Global Scan

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Global Scan

Prince William's US trip seems more political than regal

When British royalty comes to the US, Americans go a little nuts. But this trip by Prince William has the Brits scratching their heads. Meanwhile, at least one British parliamentarian is looking to the US for ideas on how to deal with anti-abortion protesters. And the Chinese government is hunting for a corrupt Chinese official who was obsessed with gold.

Global Scan

Take a trip through London at night — with the lights off

Nights during a blackout in a big city offer a scary vision to some. But this new video shows how London's architecture would be set off by the night sky, if city lights weren't obscuring the view. Meanwhile, across the Channel, France has decided to pay foreign victims sent to Nazi camps in French trains. And China asks for US help to crack down on corrupt fugitives, in this weekend's Global Scan.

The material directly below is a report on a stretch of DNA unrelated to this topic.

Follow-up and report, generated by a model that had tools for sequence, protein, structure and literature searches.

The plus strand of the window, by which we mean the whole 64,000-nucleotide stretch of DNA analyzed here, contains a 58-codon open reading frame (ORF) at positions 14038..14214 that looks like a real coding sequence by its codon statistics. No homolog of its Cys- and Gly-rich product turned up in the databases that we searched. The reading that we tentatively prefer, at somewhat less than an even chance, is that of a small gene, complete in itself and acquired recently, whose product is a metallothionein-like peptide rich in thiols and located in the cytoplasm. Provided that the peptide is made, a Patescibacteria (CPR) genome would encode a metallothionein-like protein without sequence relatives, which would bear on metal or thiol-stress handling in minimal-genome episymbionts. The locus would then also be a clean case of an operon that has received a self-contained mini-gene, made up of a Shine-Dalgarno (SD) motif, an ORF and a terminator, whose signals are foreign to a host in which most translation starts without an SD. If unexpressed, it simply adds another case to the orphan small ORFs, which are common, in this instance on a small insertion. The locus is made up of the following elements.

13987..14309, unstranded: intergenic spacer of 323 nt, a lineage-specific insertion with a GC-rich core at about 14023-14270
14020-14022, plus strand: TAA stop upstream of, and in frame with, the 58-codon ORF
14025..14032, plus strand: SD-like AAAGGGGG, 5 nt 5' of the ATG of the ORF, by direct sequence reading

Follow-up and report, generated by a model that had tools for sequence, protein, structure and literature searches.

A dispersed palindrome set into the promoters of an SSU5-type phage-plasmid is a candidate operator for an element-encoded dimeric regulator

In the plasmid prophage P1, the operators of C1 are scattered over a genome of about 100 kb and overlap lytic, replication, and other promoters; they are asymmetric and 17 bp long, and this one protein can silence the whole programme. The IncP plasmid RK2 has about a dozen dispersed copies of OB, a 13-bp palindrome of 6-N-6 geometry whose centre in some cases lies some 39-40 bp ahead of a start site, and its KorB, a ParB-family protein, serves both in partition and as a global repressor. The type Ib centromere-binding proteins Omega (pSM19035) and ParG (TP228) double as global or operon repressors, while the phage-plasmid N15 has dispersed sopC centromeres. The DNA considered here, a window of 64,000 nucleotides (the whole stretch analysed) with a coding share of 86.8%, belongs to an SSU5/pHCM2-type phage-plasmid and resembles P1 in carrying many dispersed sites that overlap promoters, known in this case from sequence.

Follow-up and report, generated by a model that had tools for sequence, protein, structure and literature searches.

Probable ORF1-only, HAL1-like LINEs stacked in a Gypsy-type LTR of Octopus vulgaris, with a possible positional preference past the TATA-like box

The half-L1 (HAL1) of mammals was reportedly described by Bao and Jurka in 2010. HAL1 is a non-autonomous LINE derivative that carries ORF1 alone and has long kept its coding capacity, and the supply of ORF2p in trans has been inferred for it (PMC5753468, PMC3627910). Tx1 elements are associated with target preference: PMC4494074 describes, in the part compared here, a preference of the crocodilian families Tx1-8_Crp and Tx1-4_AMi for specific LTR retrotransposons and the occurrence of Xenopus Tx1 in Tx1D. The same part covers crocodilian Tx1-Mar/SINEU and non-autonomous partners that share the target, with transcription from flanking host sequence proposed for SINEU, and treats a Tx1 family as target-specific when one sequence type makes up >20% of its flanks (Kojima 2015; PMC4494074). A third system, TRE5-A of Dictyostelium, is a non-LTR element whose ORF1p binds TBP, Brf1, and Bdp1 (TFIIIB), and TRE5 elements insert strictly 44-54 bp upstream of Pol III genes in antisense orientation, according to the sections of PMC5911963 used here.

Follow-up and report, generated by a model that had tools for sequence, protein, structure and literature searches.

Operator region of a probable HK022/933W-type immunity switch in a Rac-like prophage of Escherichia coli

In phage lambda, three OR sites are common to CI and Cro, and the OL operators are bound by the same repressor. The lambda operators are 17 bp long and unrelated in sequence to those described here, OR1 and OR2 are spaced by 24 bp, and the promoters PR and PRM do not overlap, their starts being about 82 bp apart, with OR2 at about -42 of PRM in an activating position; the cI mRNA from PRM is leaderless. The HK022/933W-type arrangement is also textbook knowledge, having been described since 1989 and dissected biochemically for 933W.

Global Scan

When NASA's newest spaceship takes off Thursday, it'll be back to the future

Ever since NASA mothballed the Space Shuttle, it hasn't flown a spaceship. That will change on Thursday morning, when it test-launches the Orion space capsule, which is designed for possible Mars travel . Meanwhile, South Korea intends to rankle North Korea with another large Christmas tree in the DMZ. And a new ranking of government corruption gives the US middling marks.

Global Scan

What happens to displaced refugees when the World Food Program goes broke?